Fiber Optics

Fiber optics are used as a data transmission method whereby data is converted into modulated waves of light to be sent over optical fiber cable. Fiber optics are an alternative to traditional copper based data transmission cables over which they possess several advantages such as extremely high bandwidth, low losses even over great distances and inherent resistance to EMI.

It would take thousands of metal-based wires to replace one single fiber optic wire

How It Works

Light is transmitted through the core of a fiber optical cable by bouncing off the walls of the cladding by the principle of total internal reflection allowing the fiber to act as a light waveguide. Because the cladding does not absorb light from the core, signals can travel great distances with only slight losses occurring from impurities in the glass. Fiber cable can be made to support a single propagation path (single-mode fiber) or multiple propagation paths (multi-mode fiber).

Some History

The birth of fiber optics dates back to the first demonstration of guiding light by refraction by Daniel Colladon and Jacques Babinet in early 1840s France. The first practical applications of optical fiber appeared early last century when it was used for internal illumination during dentistry procedures. It was not until 1965 though that fiber finally hit its potential when Charles K. Kao [Factoid: Nobel Prize recipient in Physics 2009] and George A. Hockham, of the firm Standard Telephones and Cables, proposed that optical fiber could be effectively used for telecommunications by removing impurities within the optical glass to reduce the signal attenuation to below the threshold of 20 dB/km. By the mid-seventies, doped optical glass produced by Corning yielded attenuation levels of just 4 dB/km.

Multi-mode Optical Fiber Detail
Multi-mode Optical Fiber Detail

The first generation of deployed fiber came about in 1977 using GaAs semiconductor lasers to achieve a bit rate of 45 Mbps with repeater spacing of up to 10 km. A major milestone for fiber occurred in 1988 when the first transatlantic telephone cable to use optical fiber, the TAT-8, went into operation. Since then, the use of fiber has exploded to encompass virtually all long distance telecommunications within the United States. In fact, the Internet as we know it today would not have been possible without a massive fiber optic infrastructure to carry the burden of such a high data through fare.

Optical Fiber Construction

Optical fiber cable is constructed by two dielectric layers: a core which is surrounded by cladding. In order to confine the light signal within the core, the core's refractive index must be greater than the cladding's. The physical boundary between the core and cladding is an abrupt change in step-index fiber and a gradual change for graded-index fiber. Both the core and cladding are fabricated from silica glass which has a typical refractive index of 1.5 [Factoid: The refractive indexes of the core and cladding typically differ by a mere 1%]. Surrounding the cladding is a buffer coating comprised of UV-cured urethane acrylate composite. Finally, a cable jacket layer acts as the last form of protection for the fiber cable from the environment.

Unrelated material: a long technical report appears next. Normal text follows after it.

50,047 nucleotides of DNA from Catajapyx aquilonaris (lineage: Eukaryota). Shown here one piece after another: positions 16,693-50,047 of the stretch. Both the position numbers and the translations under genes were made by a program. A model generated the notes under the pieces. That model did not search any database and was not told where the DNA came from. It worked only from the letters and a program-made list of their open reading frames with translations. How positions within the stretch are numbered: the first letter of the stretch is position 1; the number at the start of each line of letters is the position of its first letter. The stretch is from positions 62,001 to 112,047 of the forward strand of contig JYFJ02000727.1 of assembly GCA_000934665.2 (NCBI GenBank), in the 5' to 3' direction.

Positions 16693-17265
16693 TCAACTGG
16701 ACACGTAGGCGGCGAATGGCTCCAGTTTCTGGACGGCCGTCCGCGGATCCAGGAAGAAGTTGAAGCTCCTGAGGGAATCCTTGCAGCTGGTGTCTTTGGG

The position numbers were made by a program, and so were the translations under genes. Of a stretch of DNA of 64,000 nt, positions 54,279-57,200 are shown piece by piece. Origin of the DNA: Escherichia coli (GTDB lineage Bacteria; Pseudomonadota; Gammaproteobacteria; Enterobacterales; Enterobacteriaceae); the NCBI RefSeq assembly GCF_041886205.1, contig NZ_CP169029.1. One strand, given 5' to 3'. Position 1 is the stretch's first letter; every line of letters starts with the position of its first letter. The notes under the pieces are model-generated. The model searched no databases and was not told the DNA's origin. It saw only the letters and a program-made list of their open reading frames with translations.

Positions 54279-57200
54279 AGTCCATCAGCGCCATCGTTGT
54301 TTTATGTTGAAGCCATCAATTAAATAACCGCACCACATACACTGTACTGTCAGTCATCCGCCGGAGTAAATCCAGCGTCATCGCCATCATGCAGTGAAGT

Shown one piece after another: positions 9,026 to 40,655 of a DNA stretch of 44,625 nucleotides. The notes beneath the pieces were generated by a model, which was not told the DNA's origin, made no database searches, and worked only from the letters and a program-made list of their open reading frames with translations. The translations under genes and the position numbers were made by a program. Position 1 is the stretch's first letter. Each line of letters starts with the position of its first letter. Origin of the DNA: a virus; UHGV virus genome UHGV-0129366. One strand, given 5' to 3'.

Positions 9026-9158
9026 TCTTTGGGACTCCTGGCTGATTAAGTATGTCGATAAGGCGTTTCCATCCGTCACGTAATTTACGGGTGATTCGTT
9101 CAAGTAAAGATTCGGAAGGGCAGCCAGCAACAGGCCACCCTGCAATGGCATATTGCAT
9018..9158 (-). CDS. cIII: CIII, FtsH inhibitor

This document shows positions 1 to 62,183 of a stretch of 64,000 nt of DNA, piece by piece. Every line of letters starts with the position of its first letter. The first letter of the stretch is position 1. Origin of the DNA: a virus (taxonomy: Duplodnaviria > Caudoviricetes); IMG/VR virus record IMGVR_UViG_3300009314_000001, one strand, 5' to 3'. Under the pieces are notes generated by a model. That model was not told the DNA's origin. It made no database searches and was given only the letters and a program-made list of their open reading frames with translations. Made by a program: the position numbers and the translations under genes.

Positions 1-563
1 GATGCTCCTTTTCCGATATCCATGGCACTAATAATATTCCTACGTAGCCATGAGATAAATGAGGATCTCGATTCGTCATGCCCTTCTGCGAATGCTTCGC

Unlike metal-based electrical connections, combining lengths of fiber optic cable is a complex and delicate process. Care and special tools are needed to cleave the ends at the appropriate angle which is followed by either a mechanical connection or by fusing the ends with an electrical arc. For mechanical connections, special removable connectors are available exclusively for this purpose.

Civilian Fiber Optic Jacket Color Chart

Fiber Type Jacket Color
Single-mode Yellow
Multi-mode 62.5/125 μm (OM1) Orange
Multi-mode 50/125 μm (OM2) Orange
Multi-mode 50/125 μm "laser optimized" 10 Gbps (OM3) Aqua

Fiber Optics vs Copper Based Signal Transmission

Fiber optics offer a great many benefits over traditional copper based signal transmission which has in turn led to their popularity with the telecommunications industry. One main benefit of optical fiber is its massive bandwidth. In fact, fiber can often carry so much data that it would take thousands of metal-based wires to replace one single high-bandwidth fiber optic wire.

Low Signal Loss
Another benefit of fiber cable is its very low signal loss, which allows for great distances between terminations or in-line signal repeaters. While copper cabling typically can run only about a mile before needing amplification, it is not uncommon for fiber optic cable to run 60 miles before signal boosting or processing. One reason for fiber's low losses stems from its lack of electrical conductivity which also means that it produces zero crosstalk between parallel runs of cable over great distances. Crosstalk is a chief contributor to signal loss in metal-based signal wire [Factoid: Cat 5e and Cat 6 cable feature twisted wire pairs to reduce crosstalk].